I have looked at the software programs out there that help with tracking your cards but most are sorry and written in an era of Windows 95 machines. Most sites I have seen suggest using Beckett's My Collection page, which works okay if you want to keep track of a few important cards, but not your entire collection including all your common cards. So I guess I'll do the spreadsheet thing and then work on something in a database form. (Most distant project, right after I paint my house)

Tuesday, September 05, 2006

Who would win this fight?

So I was digging through my B's and came across these two guys. Both cards just stood out and I needed to share them with the rest of the world. The first is Tim Blackwell, a catcher for the Cubs (back in 1982), something about him made me do a double take. Looking at his Bio on the back it states that he was 5'11" and 180 lbs, but I can tell you right now that I'm 5'11" and 180 lbs and I don't look like that. This guy is ripped, his uniform is about to explode, and you got to love the Wild West moustache that he is sporting.

Then there Juan Berenguer, the 5'11" 225 lbs pitcher that could make batters cry by looking at them. I mean c'mon look at the guy, I wouldn't want to take an inside fast ball from that guy. I don't think I would even bother him to get an autograph. You can click on their names to get more serious Bio's and stats.

Sunday, September 03, 2006

Rookie card dilema not new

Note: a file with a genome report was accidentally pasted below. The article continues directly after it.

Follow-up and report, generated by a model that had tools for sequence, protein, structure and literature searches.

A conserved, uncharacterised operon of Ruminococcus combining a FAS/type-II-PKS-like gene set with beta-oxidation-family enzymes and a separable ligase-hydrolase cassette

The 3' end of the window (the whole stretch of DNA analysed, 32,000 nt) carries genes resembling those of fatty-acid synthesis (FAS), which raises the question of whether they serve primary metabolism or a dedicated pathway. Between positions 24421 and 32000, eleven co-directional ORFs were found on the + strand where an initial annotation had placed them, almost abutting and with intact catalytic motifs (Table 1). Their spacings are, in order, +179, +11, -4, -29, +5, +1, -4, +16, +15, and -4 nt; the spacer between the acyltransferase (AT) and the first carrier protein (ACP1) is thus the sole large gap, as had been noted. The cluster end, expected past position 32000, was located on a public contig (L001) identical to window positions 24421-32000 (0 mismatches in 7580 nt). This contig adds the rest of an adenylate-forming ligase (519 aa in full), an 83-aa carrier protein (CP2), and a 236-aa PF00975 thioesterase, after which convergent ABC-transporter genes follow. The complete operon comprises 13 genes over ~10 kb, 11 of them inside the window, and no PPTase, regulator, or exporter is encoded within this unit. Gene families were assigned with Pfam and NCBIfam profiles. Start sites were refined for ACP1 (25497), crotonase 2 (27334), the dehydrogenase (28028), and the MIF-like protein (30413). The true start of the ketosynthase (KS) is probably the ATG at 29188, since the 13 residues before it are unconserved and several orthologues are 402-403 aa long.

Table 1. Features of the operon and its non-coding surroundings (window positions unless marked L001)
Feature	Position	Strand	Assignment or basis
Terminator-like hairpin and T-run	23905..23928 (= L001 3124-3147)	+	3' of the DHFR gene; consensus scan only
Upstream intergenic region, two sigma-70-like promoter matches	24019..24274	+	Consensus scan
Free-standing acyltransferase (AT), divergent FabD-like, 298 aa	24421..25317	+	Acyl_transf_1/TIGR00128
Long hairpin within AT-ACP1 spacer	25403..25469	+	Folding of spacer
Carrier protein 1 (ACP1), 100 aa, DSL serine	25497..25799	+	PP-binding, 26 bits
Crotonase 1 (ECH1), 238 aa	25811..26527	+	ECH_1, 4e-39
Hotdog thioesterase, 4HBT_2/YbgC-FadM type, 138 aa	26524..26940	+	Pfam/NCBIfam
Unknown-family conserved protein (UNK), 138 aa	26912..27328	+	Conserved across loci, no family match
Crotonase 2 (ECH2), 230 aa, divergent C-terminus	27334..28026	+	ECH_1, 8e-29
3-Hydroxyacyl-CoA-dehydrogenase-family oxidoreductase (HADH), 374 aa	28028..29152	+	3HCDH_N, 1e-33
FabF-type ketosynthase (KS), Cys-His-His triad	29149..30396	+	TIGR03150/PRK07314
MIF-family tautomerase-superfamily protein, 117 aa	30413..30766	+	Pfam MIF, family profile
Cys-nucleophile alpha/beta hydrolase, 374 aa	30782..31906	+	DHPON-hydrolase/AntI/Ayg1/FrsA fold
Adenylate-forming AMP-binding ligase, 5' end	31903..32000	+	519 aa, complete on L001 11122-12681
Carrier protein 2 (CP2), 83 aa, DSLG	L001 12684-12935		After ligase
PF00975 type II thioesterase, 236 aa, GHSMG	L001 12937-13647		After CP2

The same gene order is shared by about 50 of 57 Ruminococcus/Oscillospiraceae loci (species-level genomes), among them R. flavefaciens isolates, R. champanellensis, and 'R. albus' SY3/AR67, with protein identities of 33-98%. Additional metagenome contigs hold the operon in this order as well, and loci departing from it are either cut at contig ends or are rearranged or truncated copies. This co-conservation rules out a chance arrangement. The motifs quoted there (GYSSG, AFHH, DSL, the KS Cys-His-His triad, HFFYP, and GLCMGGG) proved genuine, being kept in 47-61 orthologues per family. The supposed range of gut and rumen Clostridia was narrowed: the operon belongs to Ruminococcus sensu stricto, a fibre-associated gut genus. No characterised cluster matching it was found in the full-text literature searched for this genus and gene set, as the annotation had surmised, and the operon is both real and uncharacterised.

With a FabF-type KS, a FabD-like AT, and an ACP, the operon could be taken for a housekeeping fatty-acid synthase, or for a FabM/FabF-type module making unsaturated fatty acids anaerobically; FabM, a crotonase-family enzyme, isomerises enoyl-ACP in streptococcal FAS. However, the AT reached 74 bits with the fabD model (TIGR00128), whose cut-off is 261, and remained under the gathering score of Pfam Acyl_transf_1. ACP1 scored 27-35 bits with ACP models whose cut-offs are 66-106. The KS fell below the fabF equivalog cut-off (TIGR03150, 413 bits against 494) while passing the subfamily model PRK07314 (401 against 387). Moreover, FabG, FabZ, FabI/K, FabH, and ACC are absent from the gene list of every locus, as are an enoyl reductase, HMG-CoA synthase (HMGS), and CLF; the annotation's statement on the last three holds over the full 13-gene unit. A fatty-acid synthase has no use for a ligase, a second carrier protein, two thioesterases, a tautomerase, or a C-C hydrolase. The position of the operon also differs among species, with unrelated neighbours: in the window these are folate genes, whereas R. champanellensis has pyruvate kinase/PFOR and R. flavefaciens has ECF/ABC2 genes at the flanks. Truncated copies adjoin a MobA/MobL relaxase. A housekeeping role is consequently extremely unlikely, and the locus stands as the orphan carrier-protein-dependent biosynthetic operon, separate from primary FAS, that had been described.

2006 marks the year in which a new standard for rookie cards has been issue between the Major League Baseball Players Association (MLBPA) and Topps/Upper Deck. The new rule states that a player must play in the major league before a card can be issued a rookie card; you can read the official statement here.
I'm in favor of the new rule with the MLBPA which I think is fair to both the players and the collectors. Before the card companies would print "rookie cards" for guys in the minor leagues and some of those guys never made it to the professional level. But right now we are a limbo state with some cards stating rookie cards for guys back in 2004 (which were in the minor leagues) but now starting in the major league has a new official "rookie card", creating multiple year rookie cards for some players. So I have seen some people complaining that it is not a smooth transition from the old system to the new. I agree that it is not a smooth transition, but nothing is smooth when you take a broken system and stop it cold and correct the matter. This mandate needs to be done, and the future of cards will be better for it. But this limbo state is not new, as I was sorting some cards tonight during the Tiger - Angels game I noticed something. Mark McQwire has a multi-year rookie card and I'm not talking about his 1985 Topps Olympic card. Look at the 1987 Donruss card and notice it is his rookie card and then in 1988 Topps rates him as an All-Star Rookie, but Topps already printed him a regular card in 1987. So was Mark McQwire a rookie for two years? I'm glad for the new system.
* Sorry about the poor scans of the cards I stole them from the web.

Friday, September 01, 2006


Why do all the baseball cards for Ichiro Suzuki have his first name listed and not his last? His jersey even only lists his first name, which from what I can find had to be approve by the commissioner. I don't know of any other players that is allow to use their first name only on jerseys and cards, of course I know 2% of the entire knowledge of baseball. I guess his popularity from Japan and everyone calling him Ichiro only just came over with him. In any case it is a bit odd. If you know something, let us know thanks.